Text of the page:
Universal Anesthesia Machine: Clinical Application in an Austere, Resource-Limited Environment

Stefani A. Vande Lune, James H. Lantry, Phillip E. Mason, Richard Skupski, Arthur Toth, Donald Zimmer, John Mulligan, Michael T. McCurdy, Emilee E. Larson, Fletcher Preuss, Quincy K. Tran

Research output: Contribution to journalArticlepeer-review

1 Scopus citations


Introduction: In austere environments, the safe administration of anesthesia becomes challenging because of unreliable electrical sources, limited amounts of compressed gas, and insufficient machine maintenance capabilities. Such austere environments exist in battlefield medicine, in low- and middle-income countries (LMICs), and in areas struck by natural disasters. Whether in military operations or civilian settings, the Universal Anesthesia Machine (UAM) (Gradian Health Systems, New York, New York) is a draw-over device capable of providing safe and effective general anesthesia when external oxygen supplies or reliable electrical sources are limited. This brief report discusses a proof-of-concept observational study demonstrating the clinical utility of the UAM in a resource-limited area. Materials and Methods: This observational study of 20 patients in Haiti who underwent general anesthesia using the UAM highlights the device's capability to deliver anesthesia intraoperatively in a resource-limited LMIC clinical setting. Preoxygenation was achieved with the UAM's draw-over oxygen supply. Patients received acetaminophen for analgesia, dexmedetomidine for preinduction anesthesia, and succinylcholine for paralysis. After induction, the UAM provided a mixture of oxygen and isoflurane for maintenance of anesthesia. Manual ventilation was performed using draw-over bellows until spontaneous ventilation recurred, when clinically appropriate, artificial airways were removed. Intraoperative medication was administered at the anesthesiologist's discretion. The institutional review board at the U.S. anesthesiologists' affiliated institution and the Haitian hospital approved this study; patients were consented in their native language. Results: Two anesthesiologists used the UAM to deliver general anesthesia to 20 patients in a Haitian hospital without access to an external oxygen supply, reliable power grid, or opioids. The patients' average age was ~40 years, and 90% of them were male. Most of the cases were herniorrhaphy (50%) and hydrocelectomy (25%) surgeries. The median American Society of Anesthesiologists (ASA) score was 2; 45% of the patients had an ASA score of 1, and none had an ASA score >3. Of the 20 cases, 55% of patients received an endotracheal tube, and 40% received a laryngeal mask airway; for one patient, only a masked airway was used. Every patient was discharged on the day of the surgery. No complications occurred in the perioperative or 1-month follow-up period. Conclusion: The UAM can be used where a lack of resources and training exist because of its simple design, built-in oxygen concentrator, and capacity to revert from continuous-flow to draw-over anesthesia in the event of a power failure or if external oxygen supplies are unavailable. We believe the UAM addresses some of the shortcomings of modern anesthesia machines and has the potential to improve the delivery of safe general anesthesia in combat and austere scenarios. Further studies could consider different types of surgeries than those reported here and involve more complex patients. Studies involving alternative anesthetic agents and non-anesthesiologist personnel are also needed. Overall, this brief report detailing the use of the UAM following a natural disaster in a LMIC is proof of concept that the machine can provide reliable anesthesia for surgical procedures in austere and resource-limited environments, including disaster areas and modern combat zones.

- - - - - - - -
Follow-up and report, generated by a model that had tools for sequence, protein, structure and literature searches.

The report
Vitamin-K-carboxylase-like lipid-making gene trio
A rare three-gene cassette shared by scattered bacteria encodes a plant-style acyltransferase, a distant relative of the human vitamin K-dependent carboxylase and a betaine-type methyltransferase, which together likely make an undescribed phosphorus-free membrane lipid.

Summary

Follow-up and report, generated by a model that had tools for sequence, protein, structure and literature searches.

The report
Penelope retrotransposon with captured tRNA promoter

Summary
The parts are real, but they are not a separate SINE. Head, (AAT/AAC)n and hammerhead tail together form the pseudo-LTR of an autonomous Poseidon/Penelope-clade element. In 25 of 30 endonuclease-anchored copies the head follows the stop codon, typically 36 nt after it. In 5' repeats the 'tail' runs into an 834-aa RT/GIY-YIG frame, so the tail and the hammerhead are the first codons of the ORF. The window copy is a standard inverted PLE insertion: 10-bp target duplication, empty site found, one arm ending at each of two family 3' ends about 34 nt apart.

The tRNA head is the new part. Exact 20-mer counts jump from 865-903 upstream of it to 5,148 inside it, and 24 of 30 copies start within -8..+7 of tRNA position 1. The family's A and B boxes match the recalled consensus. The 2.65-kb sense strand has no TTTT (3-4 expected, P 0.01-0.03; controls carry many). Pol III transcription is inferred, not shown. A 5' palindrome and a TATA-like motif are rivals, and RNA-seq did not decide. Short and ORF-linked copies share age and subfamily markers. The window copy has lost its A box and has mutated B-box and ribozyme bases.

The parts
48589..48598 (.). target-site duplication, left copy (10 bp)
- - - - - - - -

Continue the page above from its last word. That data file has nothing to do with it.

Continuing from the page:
Original languageEnglish (US)
Pages (from-to)E550-E556
JournalMilitary medicine
Issue number5-6
StatePublished - Jun 8 2020
Externally publishedYes

ASJC Scopus subject areas

  • General Medicine


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